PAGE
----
Sunday, May 29, 2011

The Men´s Store

The windows of this men´s store in the centre of Buenos Aires always catch my attention.  The shop has a 1970s feel to it but somehow retains an elegant edge.  The pictures of the gentlemen, the gold lettering on the windows and the extensiveness of the window displays remind me of a department store where quality, service and style are what it´s all about.  These three factors are not exactly how I would describe shopping in Argentina, so perhaps the idea of these things is what is so appealing.  Now if only I needed some men´s clothes I could shop here and test my theory...

Wednesday, May 25, 2011


Locro is a thick soupy-stew that is considered to be probably the national dish of Argentina (if we can discount the Argentine asado for a minute).  It typically consists of ingredients such as corn, meat, chorizo, beans and pumpkin, but can include anything and everything in between.  Locro has been eaten in some form or other since Incan times in many South American countries, with different varieties of the stew to be found across the continent. 

Today is the 25th of May, a public holiday for the May Revolution of 1810 that celebrates the country´s first national government, and locro is the traditional food that is eaten on this day.  The photo here is from a website called Planeta Joy, which features great food, drink and style roundups in Buenos Aires, and this particular article talks about the best places in the city to eat locro.  Prices and quality vary markedly so it´s often a good idea to go by someone´s recommendation to get the best locro experience.  When I was recently in the north of the country I had a ripper locro as it is a traditional dish in this area.  In fact all this talk of locro is making me hungry, I may just pop over to Planeta Joy to check out where I can get my hands on some...

Sunday, May 15, 2011

The Rocket Window

It is common to see abandonded houses in Buenos Aires with the windows and doors cemented up, to stop people occupying the buildings when they are vacant.  It has always slightly disturbed me and I always wonder when I see one for sale, how do you inspect it?  Do they wait until people are interested in the property and then smash in the doors and windows?  Anyway, this rocket-ship street art is a pretty cool way to make the non-window less creepy and much more colourful.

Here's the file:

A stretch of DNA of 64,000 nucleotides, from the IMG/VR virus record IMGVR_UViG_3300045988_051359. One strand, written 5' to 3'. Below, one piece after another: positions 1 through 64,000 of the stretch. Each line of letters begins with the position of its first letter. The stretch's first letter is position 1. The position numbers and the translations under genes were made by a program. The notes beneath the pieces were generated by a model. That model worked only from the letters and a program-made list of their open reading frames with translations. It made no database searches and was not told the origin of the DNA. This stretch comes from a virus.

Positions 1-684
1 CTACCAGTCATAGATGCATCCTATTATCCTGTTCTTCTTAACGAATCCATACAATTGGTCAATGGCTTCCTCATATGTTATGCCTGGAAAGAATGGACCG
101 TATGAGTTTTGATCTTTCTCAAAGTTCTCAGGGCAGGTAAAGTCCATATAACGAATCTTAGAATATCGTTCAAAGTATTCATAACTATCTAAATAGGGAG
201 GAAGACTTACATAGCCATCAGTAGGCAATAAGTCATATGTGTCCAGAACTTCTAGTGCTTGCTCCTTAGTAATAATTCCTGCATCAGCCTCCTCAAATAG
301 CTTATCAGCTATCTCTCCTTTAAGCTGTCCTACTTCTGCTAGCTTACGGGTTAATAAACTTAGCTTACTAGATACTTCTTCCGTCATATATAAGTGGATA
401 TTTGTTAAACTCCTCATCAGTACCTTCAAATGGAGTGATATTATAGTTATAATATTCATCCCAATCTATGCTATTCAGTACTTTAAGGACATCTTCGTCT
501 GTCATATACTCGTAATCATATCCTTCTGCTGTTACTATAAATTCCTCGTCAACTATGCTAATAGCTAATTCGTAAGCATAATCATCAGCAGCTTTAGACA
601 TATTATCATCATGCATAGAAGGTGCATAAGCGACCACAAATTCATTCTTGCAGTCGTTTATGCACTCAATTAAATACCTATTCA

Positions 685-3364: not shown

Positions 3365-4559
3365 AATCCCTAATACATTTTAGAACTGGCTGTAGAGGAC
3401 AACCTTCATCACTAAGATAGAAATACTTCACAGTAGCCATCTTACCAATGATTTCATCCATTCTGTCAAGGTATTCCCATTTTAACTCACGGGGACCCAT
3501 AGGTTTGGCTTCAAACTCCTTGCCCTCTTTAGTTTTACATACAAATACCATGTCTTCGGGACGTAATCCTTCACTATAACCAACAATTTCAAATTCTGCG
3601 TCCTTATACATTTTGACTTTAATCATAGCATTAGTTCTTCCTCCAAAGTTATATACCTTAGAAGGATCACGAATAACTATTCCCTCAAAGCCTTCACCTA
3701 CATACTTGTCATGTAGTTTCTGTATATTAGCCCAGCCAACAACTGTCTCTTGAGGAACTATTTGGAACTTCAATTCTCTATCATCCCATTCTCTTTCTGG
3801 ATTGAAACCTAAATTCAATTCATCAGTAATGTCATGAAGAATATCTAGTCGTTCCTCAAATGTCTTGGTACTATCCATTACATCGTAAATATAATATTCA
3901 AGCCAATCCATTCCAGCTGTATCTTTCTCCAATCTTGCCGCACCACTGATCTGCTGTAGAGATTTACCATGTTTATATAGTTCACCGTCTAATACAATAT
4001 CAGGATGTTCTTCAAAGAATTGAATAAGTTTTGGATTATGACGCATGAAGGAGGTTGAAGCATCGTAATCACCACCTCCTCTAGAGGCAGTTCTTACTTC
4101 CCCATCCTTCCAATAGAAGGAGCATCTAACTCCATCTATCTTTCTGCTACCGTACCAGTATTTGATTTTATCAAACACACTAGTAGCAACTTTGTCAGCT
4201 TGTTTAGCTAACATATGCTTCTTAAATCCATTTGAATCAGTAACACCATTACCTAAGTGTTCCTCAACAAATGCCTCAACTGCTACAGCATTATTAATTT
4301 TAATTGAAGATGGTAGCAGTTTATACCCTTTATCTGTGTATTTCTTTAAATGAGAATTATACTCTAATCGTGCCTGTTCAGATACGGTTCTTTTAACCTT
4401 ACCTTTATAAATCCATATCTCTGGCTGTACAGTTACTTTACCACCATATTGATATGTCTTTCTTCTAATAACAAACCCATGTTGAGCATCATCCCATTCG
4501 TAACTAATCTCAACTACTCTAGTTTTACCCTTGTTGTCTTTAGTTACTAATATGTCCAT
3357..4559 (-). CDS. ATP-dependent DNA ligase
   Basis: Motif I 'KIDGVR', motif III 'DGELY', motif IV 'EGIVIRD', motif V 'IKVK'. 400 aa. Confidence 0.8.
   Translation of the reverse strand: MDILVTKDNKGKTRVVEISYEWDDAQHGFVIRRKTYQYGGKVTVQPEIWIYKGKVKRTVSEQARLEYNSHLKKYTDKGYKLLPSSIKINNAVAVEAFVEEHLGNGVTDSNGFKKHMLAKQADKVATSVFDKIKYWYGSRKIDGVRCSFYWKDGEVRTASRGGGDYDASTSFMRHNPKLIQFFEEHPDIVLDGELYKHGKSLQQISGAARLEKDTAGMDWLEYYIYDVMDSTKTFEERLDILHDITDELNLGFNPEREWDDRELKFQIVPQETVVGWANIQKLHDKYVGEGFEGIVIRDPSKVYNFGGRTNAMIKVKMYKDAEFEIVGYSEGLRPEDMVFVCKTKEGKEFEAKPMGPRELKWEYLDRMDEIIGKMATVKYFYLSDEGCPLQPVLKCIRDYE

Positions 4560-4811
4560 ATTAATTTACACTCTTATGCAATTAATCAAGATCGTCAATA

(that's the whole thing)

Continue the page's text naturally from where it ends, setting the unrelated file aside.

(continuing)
Tuesday, May 10, 2011

The coolest hotel in the mountain

When travelling I like to do a little bit of research before leaving, and perusing the Lonely Planet website I came across this hotel-in-the-mountain that they described as decidedly sci-fi and very nice indeed.  So when we visited Pumamarca I couldn´t help but take that advice and stay in the pod as I came to call it.  The great thing about the pod, is that it is made of adobe, which keeps it cool in the day under the strong sunshine, and at night, the massively thick walls release the heat to keep it warm and toasty.  A little bit of luxury in the heart of the mountain.

Saturday, May 7, 2011

Architecture/Street Shots up North

Colonial streets with mountains in the background are probably my favourite things about Jujuy.  Every dusty or cobbled street you walk down is a trip into the past, and every door gives you a hint as to just how long the building has been there.  The building style is simple and resourceful, utilising local materials such as cardon, the inside of the cactus, and walls made of adobe that keep the buildings cool during the hot day, and warm at night, when the temperature really drops.  Functional, historic, basic and charming...

Sunday, May 1, 2011

Way up North

I was lucky to recently travel around the north of Argentina and get to know some of the small towns in the provinces of Jujuy and Salta.  As you can see in this picture that is taken just outside the town of Tilcara, the landscape is all cactus and mountains, very dry and hot during the day and chilly at night.  I was constantly amazed by the colours of the mountains, as they are not only brown but also red, pink, blue, green and even violet in some places.  The small towns are all colonial with buildings that date back to the 1800´s and streets made of stones or dust.  I kept expecting to see a tumbleweed roll down the main street, as the imagery from American westerns was close to mind. 

The link to the past is much more apparent up here, with many people of Native decent living quite the same as their ancestors in simple houses and working with materials that surrond them.  For example, inside the cactus is a type of wood called Cardon and it is used widely as a building material for gates, roofs, tables etc.  The link to the Incan past is also prevalent and there are many ruins and museums with artefacts from that time, over 500 years ago.  

These are some of my favourite shots of the landscapes...